Personalisation is one of the most important aspects of creating a great great customer experience. Today’s customers expect a personalised experience when dealing with brands. Highly personalised customer experiences driven by data analytics about current customers are difficult for competitors to imitate.
The challenge lies in: who are we actually trying to personalise for? All too often personalisation is confused with segmentation and vice versa.
Personalisation refers to an organisation’s ability to adapt the customer experience to the specific needs of the individual. It raises a series of questions that a brand needs to answer such as:
- Who are we targeting? Who are the individuals we are trying to reach?
- What are their needs and wants?
- What are their emotions and how does this affect their decision making processes?
- How do we interact and respond to them via each marketing channel?
For a large enterprise to understand the individual needs for each of its customers (who may number in the millions) – the challenge may seem almost insurmountable. But the benefits of meeting this challenge can be significant. Research from marketing analytics company Segment, highlights personalisation delivers the following benefits:
- Increased, leads, sales and revenue
- Improved engagement and loyalty
- Improved reputation and brand recognition
According to McKinsey Personalisation at scale (in which companies have personal interactions with all or a large segment of their customers) often delivers a 1 to 2 percent lift in total sales for grocery companies and an even higher lift for other retailers, typically by driving up loyalty and share-of-wallet among already-loyal customers (for whom data are more abundant and response rates are higher). Personalisation can also reduce marketing and sales costs by around 10 to 20 percent.
Segmentation versus personalisation
People often confuse the terms segmentation and personalisation or use the terms interchangeably. Segmentation can help or lay on the path to creating a personalised experience but it’s not the same thing.
Segmentation is about breaking down a broad audience into smaller more manageable groups based on shared interests, needs, behaviours or demographics. It became a popular marketing strategy in the nineties, where companies could target particular groups of customers with offers and promotions that were more relevant to those target groups.
Brands used segmentation to identify their more profitable or potentially more profitable customers and tailor products, services and marketing campaigns to that segment.
Personalisation is a strategy that leverages data and digital delivery channels to deliver individualised communications and services to current or prospective customers. Where segmentation is about identifying groups with common traits, personalisation is focused on the single user. Rather than being simply a marketing strategy, personalisation requires broader understanding of the customer and the role of the entire organisation in meeting customers’ expectations.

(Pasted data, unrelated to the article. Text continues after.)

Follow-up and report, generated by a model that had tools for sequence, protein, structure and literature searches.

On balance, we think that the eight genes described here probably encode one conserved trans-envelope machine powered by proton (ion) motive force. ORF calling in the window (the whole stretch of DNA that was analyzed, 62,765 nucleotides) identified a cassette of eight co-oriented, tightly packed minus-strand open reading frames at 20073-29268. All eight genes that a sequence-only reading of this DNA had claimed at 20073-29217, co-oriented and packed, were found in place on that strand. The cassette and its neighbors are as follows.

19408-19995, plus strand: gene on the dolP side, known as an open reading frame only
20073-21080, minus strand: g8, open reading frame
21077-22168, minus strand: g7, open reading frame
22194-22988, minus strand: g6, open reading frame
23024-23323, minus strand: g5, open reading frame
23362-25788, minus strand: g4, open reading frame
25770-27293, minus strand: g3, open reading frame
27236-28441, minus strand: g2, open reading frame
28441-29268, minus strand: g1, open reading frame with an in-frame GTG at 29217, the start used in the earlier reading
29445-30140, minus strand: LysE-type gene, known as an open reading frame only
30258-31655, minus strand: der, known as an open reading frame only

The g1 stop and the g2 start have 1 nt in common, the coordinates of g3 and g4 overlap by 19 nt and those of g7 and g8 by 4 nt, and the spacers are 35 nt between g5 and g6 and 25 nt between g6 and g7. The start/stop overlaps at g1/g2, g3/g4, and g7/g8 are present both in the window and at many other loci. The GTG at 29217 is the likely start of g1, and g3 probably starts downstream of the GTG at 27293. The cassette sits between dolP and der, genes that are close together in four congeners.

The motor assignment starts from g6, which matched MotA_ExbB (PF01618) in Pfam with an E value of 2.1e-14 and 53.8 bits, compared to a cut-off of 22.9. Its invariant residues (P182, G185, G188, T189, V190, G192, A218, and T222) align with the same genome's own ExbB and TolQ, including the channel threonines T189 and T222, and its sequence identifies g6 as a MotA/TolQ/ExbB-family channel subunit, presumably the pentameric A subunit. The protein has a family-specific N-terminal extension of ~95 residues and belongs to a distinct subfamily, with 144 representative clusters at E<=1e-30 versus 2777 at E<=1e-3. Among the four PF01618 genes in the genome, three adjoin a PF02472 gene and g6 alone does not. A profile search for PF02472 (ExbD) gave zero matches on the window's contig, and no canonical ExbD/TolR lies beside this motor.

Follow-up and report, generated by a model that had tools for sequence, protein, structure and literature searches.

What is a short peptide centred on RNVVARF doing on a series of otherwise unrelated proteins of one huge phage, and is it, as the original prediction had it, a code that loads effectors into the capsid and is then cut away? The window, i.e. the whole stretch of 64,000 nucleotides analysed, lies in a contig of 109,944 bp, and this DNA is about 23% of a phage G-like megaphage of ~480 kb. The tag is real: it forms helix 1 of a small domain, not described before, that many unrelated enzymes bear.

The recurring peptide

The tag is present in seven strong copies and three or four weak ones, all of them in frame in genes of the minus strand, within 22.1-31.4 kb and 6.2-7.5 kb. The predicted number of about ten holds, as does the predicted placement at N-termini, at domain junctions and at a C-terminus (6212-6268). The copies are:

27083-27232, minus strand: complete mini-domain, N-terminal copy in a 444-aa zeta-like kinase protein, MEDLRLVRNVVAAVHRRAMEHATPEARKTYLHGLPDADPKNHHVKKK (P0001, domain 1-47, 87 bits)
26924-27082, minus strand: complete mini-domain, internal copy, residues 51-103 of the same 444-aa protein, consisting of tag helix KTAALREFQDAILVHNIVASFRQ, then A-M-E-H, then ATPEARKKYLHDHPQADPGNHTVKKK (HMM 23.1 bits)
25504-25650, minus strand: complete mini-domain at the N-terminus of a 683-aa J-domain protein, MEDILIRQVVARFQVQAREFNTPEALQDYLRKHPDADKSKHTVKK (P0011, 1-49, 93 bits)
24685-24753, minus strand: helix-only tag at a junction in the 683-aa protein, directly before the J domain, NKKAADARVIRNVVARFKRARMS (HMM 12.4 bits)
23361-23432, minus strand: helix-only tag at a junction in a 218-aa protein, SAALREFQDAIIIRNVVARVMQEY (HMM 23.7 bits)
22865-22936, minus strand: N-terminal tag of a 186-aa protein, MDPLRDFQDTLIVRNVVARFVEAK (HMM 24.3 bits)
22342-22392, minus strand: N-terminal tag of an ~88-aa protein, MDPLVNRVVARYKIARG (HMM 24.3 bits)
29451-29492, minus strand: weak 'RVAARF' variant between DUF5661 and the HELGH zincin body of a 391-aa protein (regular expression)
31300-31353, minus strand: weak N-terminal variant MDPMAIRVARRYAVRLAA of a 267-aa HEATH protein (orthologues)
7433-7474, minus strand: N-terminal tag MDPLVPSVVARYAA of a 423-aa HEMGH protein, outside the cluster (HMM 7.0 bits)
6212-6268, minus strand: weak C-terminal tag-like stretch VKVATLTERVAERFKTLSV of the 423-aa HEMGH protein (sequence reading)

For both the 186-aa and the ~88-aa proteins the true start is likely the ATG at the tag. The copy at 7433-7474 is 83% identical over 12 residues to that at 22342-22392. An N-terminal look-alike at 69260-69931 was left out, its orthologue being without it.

Data, analytics and insights
To offer a personalised customer experience needs access to quality and relevant data. More importantly it requires the ability to act upon that data in real time or as close as possible to real-time at the moment an interaction or conversation is taking place with a customer.
Personalisation can be used to recommend products or services based on past purchasing behaviour. As an example, Netflix recommends programs to customers based on what they have watched in the past. Amazon uses predictive analysis to constantly examine customer behavior and offer a personalised ecommerce experience. They look at past purchases, details about the items they buy, whether they’ve liked or reviewed the product.
More and more sophisticated strategies and techniques are constantly being developed and deployed. According to Dan Arra, VP customer success of Altocloud, predictive analytics can be used to track and better understand individual customer journeys, allowing potential roadblocks to be removed.
The key to successful personalisation is data. Despite substantial progress in data management and quality over recent years, enterprises still struggle. The biggest challenge is in terms of gaining insight quickly enough from existing data and data management tools. There are also issues around data accuracy, the amount of data, as well as assessing which data is relevant and which is not.
Compounding the data challenges is the proliferation of customer interaction channels. Connecting the data from different customer interactions across different channels is extremely complex and difficult. To offer greater personalisation means investing in data management and data analytics capabilities. This is not cheap and the skills required are in short supply.
Even though personalisation presents a range of challenges, it also offers a range of significant opportunities for those who get it right. Improved customer experience, more revenue, and greater brand integrity are all strong drivers for brands to invest. It’s one of the top CX priorities in the coming years and something that organisations who neglect its importance will do so at their peril.